Digital Transformation requires Bimodal IT operations. A long time ago, in a business environment less volatile and complex, Agile IT Operations cared only for stability. Then the application economy happened—every company became virtually a software company, and competitive pressures to rapidly innovate and iterate applications increased exponentially.
In response, businesses like yours are pursuing digital transformation strategies—adding digital components to all of their products and services (e.g., mobile applications, universal device support, Internet of Things (IoT), etc.). In this environment, Operations have to become agiler—but without sacrificing the stability that has been its hallmark.
Gartner defines this concept as Bimodal IT: Bimodal IT refers to having two modes of IT, each designed to develop and deliver information- and technology-intensive services in its own way.
Mode 1 is traditional, emphasizing scalability, efficiency, safety, and accuracy. Mode 2 is nonsequential, emphasizing agility and speed. While Mode 1 has become table stakes for most operations groups, Mode 2 requires new thinking
and processes around investment management, governance, collaboration and more.
And success in both modes demands smarter, more flexible tools that have been designed to support today’s complex IT operations. Despite the risks and challenges inherent to Bimodal IT, leading organizations understand its importance in helping them meet the ever-growing expectations of today’s customer. And they’re counting on DevOps to help them bridge these two modes.
You’ve probably been hearing about digital transformation, DevOps, and Bimodal IT for some time, but there’s a reason why they’ve recently gone from “nice to have” to necessities: in the application economy, your customers hold all of the power.
Because software is the primary way customers experience your brand today, you must be able to deliver an exceptional experience across all devices—from any place, at any time. Falling down on just one of them can have disastrous consequences.
The consumerization of IT has conditioned users to expect all software to perform flawlessly. But what happens when a company’s new mobile application is slow and clunky compared to its website? A single negative experience broadcast on social media can go viral and cause exponential, far-reaching damage to a brand.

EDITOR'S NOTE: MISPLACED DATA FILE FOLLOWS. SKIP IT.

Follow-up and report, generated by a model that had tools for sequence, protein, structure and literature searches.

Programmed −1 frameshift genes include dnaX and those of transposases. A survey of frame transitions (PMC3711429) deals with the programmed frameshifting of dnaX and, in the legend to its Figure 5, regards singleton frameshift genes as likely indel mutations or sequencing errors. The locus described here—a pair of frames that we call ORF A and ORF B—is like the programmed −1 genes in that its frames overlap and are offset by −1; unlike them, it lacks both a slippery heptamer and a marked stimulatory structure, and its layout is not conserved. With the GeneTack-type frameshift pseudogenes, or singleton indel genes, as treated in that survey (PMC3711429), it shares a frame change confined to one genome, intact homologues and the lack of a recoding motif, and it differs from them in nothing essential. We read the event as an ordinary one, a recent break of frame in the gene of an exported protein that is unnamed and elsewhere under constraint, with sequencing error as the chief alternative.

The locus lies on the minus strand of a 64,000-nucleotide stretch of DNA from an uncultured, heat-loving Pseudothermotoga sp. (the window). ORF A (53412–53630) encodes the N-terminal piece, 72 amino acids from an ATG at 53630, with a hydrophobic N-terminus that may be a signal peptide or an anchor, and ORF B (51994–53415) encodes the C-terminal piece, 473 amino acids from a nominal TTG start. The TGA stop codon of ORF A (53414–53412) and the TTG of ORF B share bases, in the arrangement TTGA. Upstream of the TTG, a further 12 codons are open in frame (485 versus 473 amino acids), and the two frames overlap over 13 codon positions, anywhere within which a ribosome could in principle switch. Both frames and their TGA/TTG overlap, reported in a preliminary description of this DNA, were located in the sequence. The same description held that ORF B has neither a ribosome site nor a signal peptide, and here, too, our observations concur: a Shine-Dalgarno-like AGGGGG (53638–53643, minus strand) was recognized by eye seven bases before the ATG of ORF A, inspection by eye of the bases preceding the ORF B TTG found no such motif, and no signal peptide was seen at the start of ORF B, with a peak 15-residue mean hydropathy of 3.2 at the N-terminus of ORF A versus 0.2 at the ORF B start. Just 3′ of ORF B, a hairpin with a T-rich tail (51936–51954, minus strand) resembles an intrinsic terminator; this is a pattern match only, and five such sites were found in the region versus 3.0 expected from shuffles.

In order to avoid such catastrophes and exceed the expectations of the demanding modern customer, you must overcome a variety of challenges that can prevent Operations groups from reaching their bimodal potential, including:
Operations groups have been monitoring infrastructure and applications since the dawn of IT, but this task has become increasingly complex as IT infrastructures have transformed in recent years.
For many enterprises, decades-old legacy systems and mainframes coexist with virtualized or cloud servers (both on- and off-premises) and as-a-service offerings—creating an intricate maze Operations must navigate when trying to
When Operations group cannot efficiently trace transactions as they move from customer-facing systems of engagement to back-end systems of record, it can be difficult to pinpoint the root cause of issues. As a result, performance suffers while mean-time-to-resolution extends—both of which can negatively impact the
But what if you could trace transaction movement across cloud, mobile and legacy systems to quickly pinpoint root causes of issues? And what if you could feed that information back into dev/test systems to improve application performance at the code level?
As enterprises grow—whether organically or through acquisition—their IT environments often comprise a mix of legacy and modern components assembled over time. And in many cases, each of these components came with or required its own tool for monitoring performance.
When issues arise in such environments, there are as many “sources of truth” as there are monitoring tools, which can lead to finger pointing and delays as various teams rush to absolve themselves of fault or responsibility.
And in the cases when these disparate tools do produce valuable data, the onus still falls on Operations to collate and triage that information before it can take action and resolve the issue.
At some point in nearly every enterprise’s history, suboptimal design decisions are made in order to satisfy business requirements—creating infrastructure fragility and technical debt. And when fragile systems fail, they create unplanned work for Operations that puts them in a reactive, break/fix mode and takes them away from
supporting business goals.
The business compensates by setting bigger goals, and IT sacrifices manageability and reliability in favor of innovation and speed to meet aggressive deadlines. As a result, more technical debt accumulates, increasing infrastructure fragility and management burden—and restarting the destructive cycle anew.
What’s more, technical debt creates tension between the bimodal aspirations of Operations. On the one side, they’re doing everything they can to reduce or eliminate the technical debt’s impact on IT performance and stability; on the other, they’re potentially creating more debt as they react to market uncertainty and customer demands. Contact Musato Technologies to learn more about our innovative and transformative ICT services and solutions.
An article first published by CA
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